A first anthology of speculative fiction by black writers: 25 stories, 3 novel excerpts, and 5 essays, the oldest piece an 1887 tale of a bewitched vineyard, the majority from this year. Included are a couple of acknowledged classics: Samuel R. Delany’s “Aye, and Gomorrah,” about the effects on sexual behavior caused by astronauts who are themselves asexual; and Octavia E. Butler’s wrenching masterpiece, “The Evening and the Morning and the Night,” about a genetic disease whose victims helplessly mutilate themselves. In an excerpt from the 1931 novel Black No More, George S. Schuyler wonders what would happen if black people simply and easily became white. Derrick Bell imagines alien visitors whose only desire is to depart with all America’s blacks. In W.E.B. Du Bois’s 1920 tale, a comet kills everyone in New York except a poor black man and a rich white woman. Other topics encompass: Adam and Eve, vampires, music, modern folk tales, astral traveling, VR, multigenerational starships, female warriors, an American woman caught in the gears of an African civil war, the Ark, Santa, alien contact, UFOs, alien abduction, and robots. The essays are equally fascinating. Delany examines racism and science fiction—it’s largely unconscious but present, he reports. Walter Mosley predicts an imminent explosion of new, black SF writers. Charles R. Saunders becomes generally unhinged about Mike Resnick’s African fables. Paul D. Miller explores music and black identity. And Octavia E. Butler wonders how much reality is too much.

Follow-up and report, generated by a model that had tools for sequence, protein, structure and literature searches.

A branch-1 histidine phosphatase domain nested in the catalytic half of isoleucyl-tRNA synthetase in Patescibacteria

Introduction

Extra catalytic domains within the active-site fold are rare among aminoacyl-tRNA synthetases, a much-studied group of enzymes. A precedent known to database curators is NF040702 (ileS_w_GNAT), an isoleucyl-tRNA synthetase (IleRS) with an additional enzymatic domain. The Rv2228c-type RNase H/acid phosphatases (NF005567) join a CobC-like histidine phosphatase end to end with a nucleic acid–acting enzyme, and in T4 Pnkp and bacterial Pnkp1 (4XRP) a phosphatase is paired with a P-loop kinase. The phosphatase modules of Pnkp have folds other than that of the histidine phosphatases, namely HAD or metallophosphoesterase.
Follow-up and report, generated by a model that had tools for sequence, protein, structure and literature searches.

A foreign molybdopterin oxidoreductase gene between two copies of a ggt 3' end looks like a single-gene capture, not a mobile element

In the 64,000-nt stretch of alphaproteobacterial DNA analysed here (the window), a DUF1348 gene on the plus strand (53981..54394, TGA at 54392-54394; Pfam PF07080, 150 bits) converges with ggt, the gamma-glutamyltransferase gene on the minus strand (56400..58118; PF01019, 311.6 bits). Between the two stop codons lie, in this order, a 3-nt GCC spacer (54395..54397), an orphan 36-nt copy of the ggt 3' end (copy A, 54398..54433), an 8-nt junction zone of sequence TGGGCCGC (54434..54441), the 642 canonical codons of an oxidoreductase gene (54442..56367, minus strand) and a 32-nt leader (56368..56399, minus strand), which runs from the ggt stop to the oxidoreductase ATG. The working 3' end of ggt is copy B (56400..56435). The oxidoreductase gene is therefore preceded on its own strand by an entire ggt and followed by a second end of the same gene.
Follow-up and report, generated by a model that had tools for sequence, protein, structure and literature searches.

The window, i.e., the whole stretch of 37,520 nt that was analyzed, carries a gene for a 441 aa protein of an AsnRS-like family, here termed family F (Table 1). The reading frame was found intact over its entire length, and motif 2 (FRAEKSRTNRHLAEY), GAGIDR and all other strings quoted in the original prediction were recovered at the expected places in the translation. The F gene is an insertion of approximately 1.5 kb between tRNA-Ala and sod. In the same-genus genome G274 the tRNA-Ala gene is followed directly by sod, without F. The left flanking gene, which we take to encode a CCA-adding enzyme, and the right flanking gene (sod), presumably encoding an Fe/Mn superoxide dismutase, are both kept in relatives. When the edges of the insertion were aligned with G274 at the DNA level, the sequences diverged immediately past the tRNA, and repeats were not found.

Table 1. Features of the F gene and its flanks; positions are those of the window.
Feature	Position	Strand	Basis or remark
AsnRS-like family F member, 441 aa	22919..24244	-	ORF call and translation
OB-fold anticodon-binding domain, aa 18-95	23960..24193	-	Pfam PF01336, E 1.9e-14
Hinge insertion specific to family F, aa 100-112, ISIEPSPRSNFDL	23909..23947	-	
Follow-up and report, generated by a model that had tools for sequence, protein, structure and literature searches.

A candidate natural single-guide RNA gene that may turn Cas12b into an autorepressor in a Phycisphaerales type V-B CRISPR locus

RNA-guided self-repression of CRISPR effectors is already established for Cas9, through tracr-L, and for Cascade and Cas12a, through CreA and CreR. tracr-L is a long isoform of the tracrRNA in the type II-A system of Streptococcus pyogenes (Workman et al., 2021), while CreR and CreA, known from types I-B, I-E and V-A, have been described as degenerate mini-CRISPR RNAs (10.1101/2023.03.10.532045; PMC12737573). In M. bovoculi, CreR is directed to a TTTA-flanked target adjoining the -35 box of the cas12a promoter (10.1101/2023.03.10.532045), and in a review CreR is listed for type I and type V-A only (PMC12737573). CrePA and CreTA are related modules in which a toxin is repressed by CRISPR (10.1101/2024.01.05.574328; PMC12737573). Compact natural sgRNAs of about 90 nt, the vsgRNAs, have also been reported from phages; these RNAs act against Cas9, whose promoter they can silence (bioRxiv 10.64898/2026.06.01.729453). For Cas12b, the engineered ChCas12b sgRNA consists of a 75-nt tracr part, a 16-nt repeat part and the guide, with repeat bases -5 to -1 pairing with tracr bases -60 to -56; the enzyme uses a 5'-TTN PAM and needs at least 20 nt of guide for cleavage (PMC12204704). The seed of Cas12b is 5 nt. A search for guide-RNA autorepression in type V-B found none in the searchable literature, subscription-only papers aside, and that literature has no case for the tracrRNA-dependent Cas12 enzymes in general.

Read. Enjoy. Ponder.